The predetermined run-test initiation code used to initiate the run-test sequence can be any desired combination or sequence or timed arrangement of HVAC control signals that, when received by the HVAC control device, initiates the pre-programmed run-test sequence stored in the control device's memory. Although the run-test initiation code and the run-test sequence are programmed in the control device's memory, the control signals that match the run-test initiation code, and thus actually initiate the run test sequence, usually, but not necessarily, come from an external source in communication with the HVAC control device. In one embodiment, these control signals come from the data collection station. Alternatively, for example, a dedicated “test” button to provide the control signals matching the run-test initiation code could be included as part of the control device.

Thus, control signals initiate the run-test sequence in which control signals that match the run-test initiation code cause a certain logic sequence to occur that initiates the run-test sequence. For example, the run-test initiation code may be a series of switches, signals or terminals that are energized or de-energized for a certain period of time. The run-test initiation code is preferably selected such that the particular order and/or combination of control signals would not be received by the HVAC control device under ordinary conditions. In this way, the control signals during normal operation would not inadvertently initiate the test sequence. The run-test initiation code is programmed into the control device when the control device is built, the run-test initiation code being programmed into the memory of the control device.

In one embodiment, terminals on the control device, such as thermostat connections, are connected to the data collection station, which may be, but is not necessarily, external the HVAC unit. An electrical short is applied to a plurality of thermostat connections in the form control signals matching a predetermined run-test initiation code and the power to the HVAC unit is turned on. The control signals to initiate the run-test sequence are typically delivered via the data collection station. The data collection station may also be used to provide power to the HVAC unit during the test. One suitable combination of terminals that may be used for the run-test initiation code in a modulating gas furnace is introducing a short to connections R, W and Y1.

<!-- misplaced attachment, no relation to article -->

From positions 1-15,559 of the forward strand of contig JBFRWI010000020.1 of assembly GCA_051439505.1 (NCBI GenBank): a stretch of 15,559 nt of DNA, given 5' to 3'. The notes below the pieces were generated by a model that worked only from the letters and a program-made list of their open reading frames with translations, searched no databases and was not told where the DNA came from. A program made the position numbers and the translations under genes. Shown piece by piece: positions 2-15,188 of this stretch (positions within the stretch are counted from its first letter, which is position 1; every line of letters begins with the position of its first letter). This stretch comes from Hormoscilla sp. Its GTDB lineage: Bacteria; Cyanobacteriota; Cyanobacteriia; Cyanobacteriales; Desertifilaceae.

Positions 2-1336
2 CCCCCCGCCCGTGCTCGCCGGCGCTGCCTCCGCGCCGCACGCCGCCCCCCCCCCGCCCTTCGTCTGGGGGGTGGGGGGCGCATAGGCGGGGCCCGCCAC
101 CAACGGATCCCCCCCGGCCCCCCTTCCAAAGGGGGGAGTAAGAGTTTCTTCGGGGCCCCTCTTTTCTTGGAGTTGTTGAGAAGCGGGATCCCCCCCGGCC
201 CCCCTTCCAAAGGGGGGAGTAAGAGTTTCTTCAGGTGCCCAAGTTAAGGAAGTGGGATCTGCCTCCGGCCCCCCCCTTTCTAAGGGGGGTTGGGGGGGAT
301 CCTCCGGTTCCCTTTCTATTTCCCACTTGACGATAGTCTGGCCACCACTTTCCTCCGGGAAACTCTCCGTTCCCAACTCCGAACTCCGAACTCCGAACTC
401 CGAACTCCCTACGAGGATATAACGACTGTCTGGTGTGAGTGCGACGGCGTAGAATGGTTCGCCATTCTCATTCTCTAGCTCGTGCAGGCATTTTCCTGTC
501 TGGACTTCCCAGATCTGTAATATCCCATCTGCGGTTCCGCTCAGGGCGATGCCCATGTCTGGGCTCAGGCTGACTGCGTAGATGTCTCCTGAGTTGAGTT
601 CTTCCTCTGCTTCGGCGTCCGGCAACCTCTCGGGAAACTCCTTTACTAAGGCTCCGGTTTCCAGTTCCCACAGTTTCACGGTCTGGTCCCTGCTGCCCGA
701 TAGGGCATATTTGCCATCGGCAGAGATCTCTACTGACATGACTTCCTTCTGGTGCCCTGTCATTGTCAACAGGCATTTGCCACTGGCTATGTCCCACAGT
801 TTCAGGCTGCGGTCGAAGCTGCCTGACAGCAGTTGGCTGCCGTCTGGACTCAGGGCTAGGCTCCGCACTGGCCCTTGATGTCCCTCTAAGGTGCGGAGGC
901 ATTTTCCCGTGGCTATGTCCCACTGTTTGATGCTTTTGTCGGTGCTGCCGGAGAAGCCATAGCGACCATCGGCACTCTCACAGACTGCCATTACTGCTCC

The presence of the R-W-Y1 short serves as a signal to the control device to enter a run-test mode and perform a series of functions according to a sequence programmed into the control device memory. The control device gives a visual signal that it is entering run-test mode, preferably by flashing an LED or other output device mounted on the control board. The visual signal may remain present for the duration of the run test sequence. Once the run-test initiation code has been entered and the run sequence is ready to begin, the R-W-Y1 short is removed so that control signals used for the preprogrammed run-test sequence are not impeded. The control device energizes the control terminals according to the programmed run-test sequence to operate the furnace in various modes for pre-determined amounts of time. During this time, test data is collected at the data collection station for each of the various modes or functions that make up the run-test. The collected data can be compared against expected values to determine whether or not the run-test was successful and if the HVAC unit is ready for delivery and installation.

An exemplary run-test sequence for testing a gas modulation furnace is shown in FIG. 2. A short is introduced into the R, W and Y1 terminals, 100, that provides control signals that match the run-test initiation code when the power is turned on, 105. Following a signal to indicate that the run-test mode has been entered, 110, the shorts are removed, 115, and a normal ignition sequence is started, 120. Various properties relating to the ignition sequence are monitored and/or recorded at the data collection station, such as the flow rate of a fuel gas introduced into the furnace via a gas valve, 125 to 135. Next, the furnace is run at several different heat output rates and/or different blower speeds, 140 to 160, while additional properties useful in determining proper operation are monitored and/or recorded. Finally, the furnace is operated for a period of time at its maximum heat output and blower speeds, while still more data is collected, 165 to 185, before closing the gas valve and eventually powering the unit down at the conclusion of the run-test sequence, 190 to 200.